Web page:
+HON. SEN. CHIEF NTABENI: Thank you Mr. President. I am one person who supported Hon. Khupe who brought this motion to the House. We went around inspecting sources of water and we discovered that the water that is being consumed in towns is not clean. This is a matter of concern because people are consuming dirty water. The water level is now very low. Even our livestock is drinking dirty water. Our women wake up early in the morning going to the boreholes at around 6.00 a.m. Those who get water and those who do not then face the same fate. Livestock also come so that the livestock get water from these water points.

I am becoming emotional, Mr. President, but let me end here. Thank you.

THE HON. DEPUTY PRESIDENT OF SENATE: For the record, we are debating Order of the Day, Number 7 that is on Human Rights Domestication of the United Nations Convention on the Rights of Persons with Disabilities.

+HON. SEN. M. NDLOVU: Thank you Mr. President. When we talk about disabled people, particularly looking at access to clean drinking water, then this is quite a concerning issue because disabled people face a lot of challenges. When a disabled person does not have a child who fetches water for them, then how can they fetch water? So it is important that those who are disabled have tapped or piped water.

In urban areas, water is brought by bowsers. These bowsers are not sensitive to disability issues and disabled people

THE HON. DEPUTY PRESIDENT OF SENATE: The debate is on Order Number 8 which is on disabilities. You may debate later when we come to Number 8. You may take your seat Hon. Senator.

HON. SEN. MUZENDA: I move that the debate do now adjourn.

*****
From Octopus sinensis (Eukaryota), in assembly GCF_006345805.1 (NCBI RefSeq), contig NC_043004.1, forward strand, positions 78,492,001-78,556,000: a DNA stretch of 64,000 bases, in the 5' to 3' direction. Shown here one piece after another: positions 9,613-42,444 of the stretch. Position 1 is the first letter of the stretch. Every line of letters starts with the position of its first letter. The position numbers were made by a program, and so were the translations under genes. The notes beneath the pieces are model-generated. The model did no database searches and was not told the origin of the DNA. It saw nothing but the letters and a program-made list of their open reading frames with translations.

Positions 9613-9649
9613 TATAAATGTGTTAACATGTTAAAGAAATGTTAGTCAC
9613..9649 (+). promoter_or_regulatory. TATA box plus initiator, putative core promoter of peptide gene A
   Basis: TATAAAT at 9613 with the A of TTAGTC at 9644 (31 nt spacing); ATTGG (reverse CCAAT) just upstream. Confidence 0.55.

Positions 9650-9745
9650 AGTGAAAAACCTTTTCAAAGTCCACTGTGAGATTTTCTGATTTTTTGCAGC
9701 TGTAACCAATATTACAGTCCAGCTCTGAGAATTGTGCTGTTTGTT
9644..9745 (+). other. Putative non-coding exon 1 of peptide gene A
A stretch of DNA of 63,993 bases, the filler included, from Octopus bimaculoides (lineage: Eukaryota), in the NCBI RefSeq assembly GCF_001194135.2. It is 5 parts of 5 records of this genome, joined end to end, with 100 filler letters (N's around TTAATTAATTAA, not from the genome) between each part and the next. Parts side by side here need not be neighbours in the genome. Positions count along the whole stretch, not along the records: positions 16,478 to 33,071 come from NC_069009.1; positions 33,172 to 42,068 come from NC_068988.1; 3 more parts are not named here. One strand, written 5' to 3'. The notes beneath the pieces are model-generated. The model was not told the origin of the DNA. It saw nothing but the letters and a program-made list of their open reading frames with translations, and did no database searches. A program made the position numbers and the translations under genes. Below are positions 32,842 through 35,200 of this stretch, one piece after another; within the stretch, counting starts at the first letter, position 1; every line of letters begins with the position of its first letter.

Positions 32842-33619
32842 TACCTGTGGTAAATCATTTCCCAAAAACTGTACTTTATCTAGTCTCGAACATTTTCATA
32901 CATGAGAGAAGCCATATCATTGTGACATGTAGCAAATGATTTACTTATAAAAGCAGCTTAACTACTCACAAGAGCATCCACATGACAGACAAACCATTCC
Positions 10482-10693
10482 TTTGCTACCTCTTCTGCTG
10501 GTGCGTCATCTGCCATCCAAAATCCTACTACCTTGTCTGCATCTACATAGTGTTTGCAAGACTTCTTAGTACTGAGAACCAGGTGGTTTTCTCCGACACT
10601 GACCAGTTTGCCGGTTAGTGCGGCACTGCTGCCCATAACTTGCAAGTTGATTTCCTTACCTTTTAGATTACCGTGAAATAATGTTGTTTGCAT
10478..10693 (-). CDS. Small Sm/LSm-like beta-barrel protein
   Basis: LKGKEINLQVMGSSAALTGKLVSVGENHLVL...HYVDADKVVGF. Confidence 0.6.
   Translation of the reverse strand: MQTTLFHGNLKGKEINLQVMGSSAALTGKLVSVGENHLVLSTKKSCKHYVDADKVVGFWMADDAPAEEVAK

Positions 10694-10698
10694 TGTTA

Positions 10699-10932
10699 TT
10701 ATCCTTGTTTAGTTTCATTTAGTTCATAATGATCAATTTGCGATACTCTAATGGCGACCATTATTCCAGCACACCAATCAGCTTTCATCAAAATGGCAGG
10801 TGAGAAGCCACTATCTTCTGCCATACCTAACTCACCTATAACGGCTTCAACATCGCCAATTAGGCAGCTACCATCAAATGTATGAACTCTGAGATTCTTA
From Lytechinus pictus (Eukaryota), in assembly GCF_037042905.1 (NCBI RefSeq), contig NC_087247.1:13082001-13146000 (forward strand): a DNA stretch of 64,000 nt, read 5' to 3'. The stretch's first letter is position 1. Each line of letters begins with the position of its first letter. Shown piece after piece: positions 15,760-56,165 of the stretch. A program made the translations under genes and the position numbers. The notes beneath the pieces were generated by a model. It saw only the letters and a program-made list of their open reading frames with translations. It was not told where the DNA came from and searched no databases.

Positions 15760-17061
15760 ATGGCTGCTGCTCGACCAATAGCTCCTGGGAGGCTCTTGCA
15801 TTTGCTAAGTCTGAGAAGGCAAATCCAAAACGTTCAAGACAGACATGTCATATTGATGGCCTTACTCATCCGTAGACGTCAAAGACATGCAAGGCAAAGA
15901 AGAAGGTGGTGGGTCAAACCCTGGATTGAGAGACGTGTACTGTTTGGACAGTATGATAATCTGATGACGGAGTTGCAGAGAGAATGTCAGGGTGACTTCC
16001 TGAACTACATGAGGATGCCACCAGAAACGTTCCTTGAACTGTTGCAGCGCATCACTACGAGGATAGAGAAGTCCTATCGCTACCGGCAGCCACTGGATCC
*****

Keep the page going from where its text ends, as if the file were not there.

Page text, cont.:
HON. SEN. MOHADI: I second.

Motion put and agreed to.

Debate to resume: Wednesday, 7th October, 2020.

MOTION

REPORT OF THE THEMATIC COMMITTEE ON HUMAN RIGHTS, SUSTAINABLE DEVELOPMENT GOALS (SDGs) AND GENDER DEVELOPMENT ON THE ENQUIRY INTO PEOPLE’S ACCESS TO CLEAN, SAFE AND PORTABLE WATER

Eight Order read: Adjourned debate on motion on the report of the Thematic Committees on Human Rights, Sustainable Development Goals and Gender Development on the enquiry into people’s access to clean, safe and portable water.

Question again proposed.

+HON. SEN. M. NDLOVU: Thank you President of the Senate. This issue, the issue of water, is quite a touching issue. There is no water in urban areas. People receive water that is brought in bowsers at times. Sometimes people queue from the morning until evening. I do not know how this issue can be addressed because we need to prioritise this issue as Hon. Senators. You will discover that when people converge on bowsers, at times there is rowdy behaviour. Sometimes boreholes are vandalised and people end up not getting water. Even in rural areas there is no water. So I do not know how this issue can be addressed. Even our dams have silted, some are drying up. So we need to desilt our dams and scoop them so that when the rain season comes, then our dams can receive a substantial amount of water.

People need water because water is crucial, water is life. No one can live without water. So my request is that Government should make sure that Government provides dams and boreholes. More boreholes should be sunk for the benefit of the people. I thank you.

*HON. SEN. MATIIRIRA: Thank you Mr. President for giving me the opportunity so that I can add a few words on this motion which was raised by Hon. Sen. Khupe which is a very important motion for the country of Zimbabwe. I also thank the Committees which travelled with SDGs, Gender Commission and Human Rights assessing the issue of safe water to the Zimbabweans in towns and rural areas.